Across Spectrum, Politicians Condemn U.S.

As the sixtieth anniversary of D-Day approaches, German foreign minister Joschka Fischer arrived in Washington with glowing praise for US conduct during World War II. But his account of recent American military actions was strongly critical. As more details of the Iraqi prison abuse scandal emerge, Fischer said the Bush administration must “restore U.S. moral leadership in the world.” Fischer’s criticism echoes recent statements by German politicians from both the right and the left. The leader of the ruling Social Democrat party has called for US Defense Secretary Donald Rumsfeld’s resignation, and members of the opposition have spoken out against what one called “a moral and political catastrophe.” Yet Germany’s leader is striking a more conciliatory tone. Chancellor Gerhard Schröder, an opponent of the Iraq war, condemned the mistreatment but said that the US Congress’ investigation of the scandal revealed the "power of American democracy." – YaleGlobal

Across Spectrum, Politicians Condemn U.S.

Fischer says administration must restore American 'moral leadership' in wake of prisoner scandal
William Pratt
Friday, May 14, 2004

German Foreign Minister Joschka Fischer went to Washington this week bearing a message of contrasts.

With the 60th anniversary of the D-Day invasion approaching on June 6, Fischer concluded a visit to the U.S. State Department on Tuesday by saying Germany would never forget what U.S. troops “did for us“ during World War II. “The United States was always a beacon of peace, the rule of law, democracy and freedom,“ he said.

But the praise of past American glories then turned into harsh criticism of the recent U.S. abuse of Iraqi prisoners that has been documented in the soldiers' own digital scrapbooks. Now, Fischer said, the Bush administration must do all it can “to restore U.S. moral leadership in the world.“

Across party lines in Germany, political leaders have been expressing their outrage about U.S. soldiers' mistreatment of captives at the Abu Ghraib prison, the home of Saddam Hussein's own torture chambers.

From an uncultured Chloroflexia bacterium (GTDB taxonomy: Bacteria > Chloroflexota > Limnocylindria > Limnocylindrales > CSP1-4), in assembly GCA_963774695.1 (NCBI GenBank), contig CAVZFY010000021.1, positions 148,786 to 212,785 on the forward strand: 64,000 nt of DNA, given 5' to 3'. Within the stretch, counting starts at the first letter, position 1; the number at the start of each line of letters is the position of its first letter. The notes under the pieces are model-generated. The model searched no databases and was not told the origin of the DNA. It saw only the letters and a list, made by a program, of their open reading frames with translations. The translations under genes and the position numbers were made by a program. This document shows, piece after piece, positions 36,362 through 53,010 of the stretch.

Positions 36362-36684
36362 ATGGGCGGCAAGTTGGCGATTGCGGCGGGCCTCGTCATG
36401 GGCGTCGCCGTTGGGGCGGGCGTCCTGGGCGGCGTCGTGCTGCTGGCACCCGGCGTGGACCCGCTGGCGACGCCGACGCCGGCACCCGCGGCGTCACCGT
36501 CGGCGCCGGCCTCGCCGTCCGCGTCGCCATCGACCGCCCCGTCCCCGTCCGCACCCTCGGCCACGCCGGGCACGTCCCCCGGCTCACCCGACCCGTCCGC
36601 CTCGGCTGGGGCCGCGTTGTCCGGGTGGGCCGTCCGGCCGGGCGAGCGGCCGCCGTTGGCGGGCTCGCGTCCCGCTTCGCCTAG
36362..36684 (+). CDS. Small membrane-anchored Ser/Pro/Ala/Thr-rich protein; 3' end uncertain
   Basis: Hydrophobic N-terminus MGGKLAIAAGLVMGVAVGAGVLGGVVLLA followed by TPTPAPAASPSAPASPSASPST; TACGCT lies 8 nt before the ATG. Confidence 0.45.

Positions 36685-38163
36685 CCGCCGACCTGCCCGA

Chancellor Gerhard Schröder was among the German leaders who condemned the mistreatment. But the Social Democrat, an opponent of the U.S. war in Iraq, also said in Paris on Thursday that the investigations into the cases illustrated the “power of American democracy.“

In Berlin, other Social Democrats, who are the senior partner in the national coalition, expressed their disgust about the abuse. The party's leader, Franz Müntefering, said U.S. Defense Secretary Donald Rumsfeld should be dismissed. “I know that if this were happening in Germany, I would make sure that the person was dismissed,“ Müntefering said in a television interview.

Members of opposition parties were equally strong in their condemnation. The Bavarian premier who was the major opposition parties' chancellor candidate in 2002 led the criticism. “This is a moral and political catastrophe,“ Edmund Stoiber said.

In the wake of the debate, a professor at one of the German military's universities may face disciplinary action for saying that torture was justified in some circumstances. On a television interview program, Michael Wolffsohn said: “As a way to combat terrorism, I think torture or the threat of torture is legitimate. If we try to counter terrorism by using gentlemen methods, we will fail.“

In reaction, one Social Democrat called for Wolffsohn to be fired. It is “a catastrophe for the image of Germany and its armed forces when a person charged with the education and personal development of young German officers makes such disgusting comments in public,“ Johannes Kahrs said.

Frankfurter Allgemeine Zeitung 2000. GmbH Publishing Group, Germany.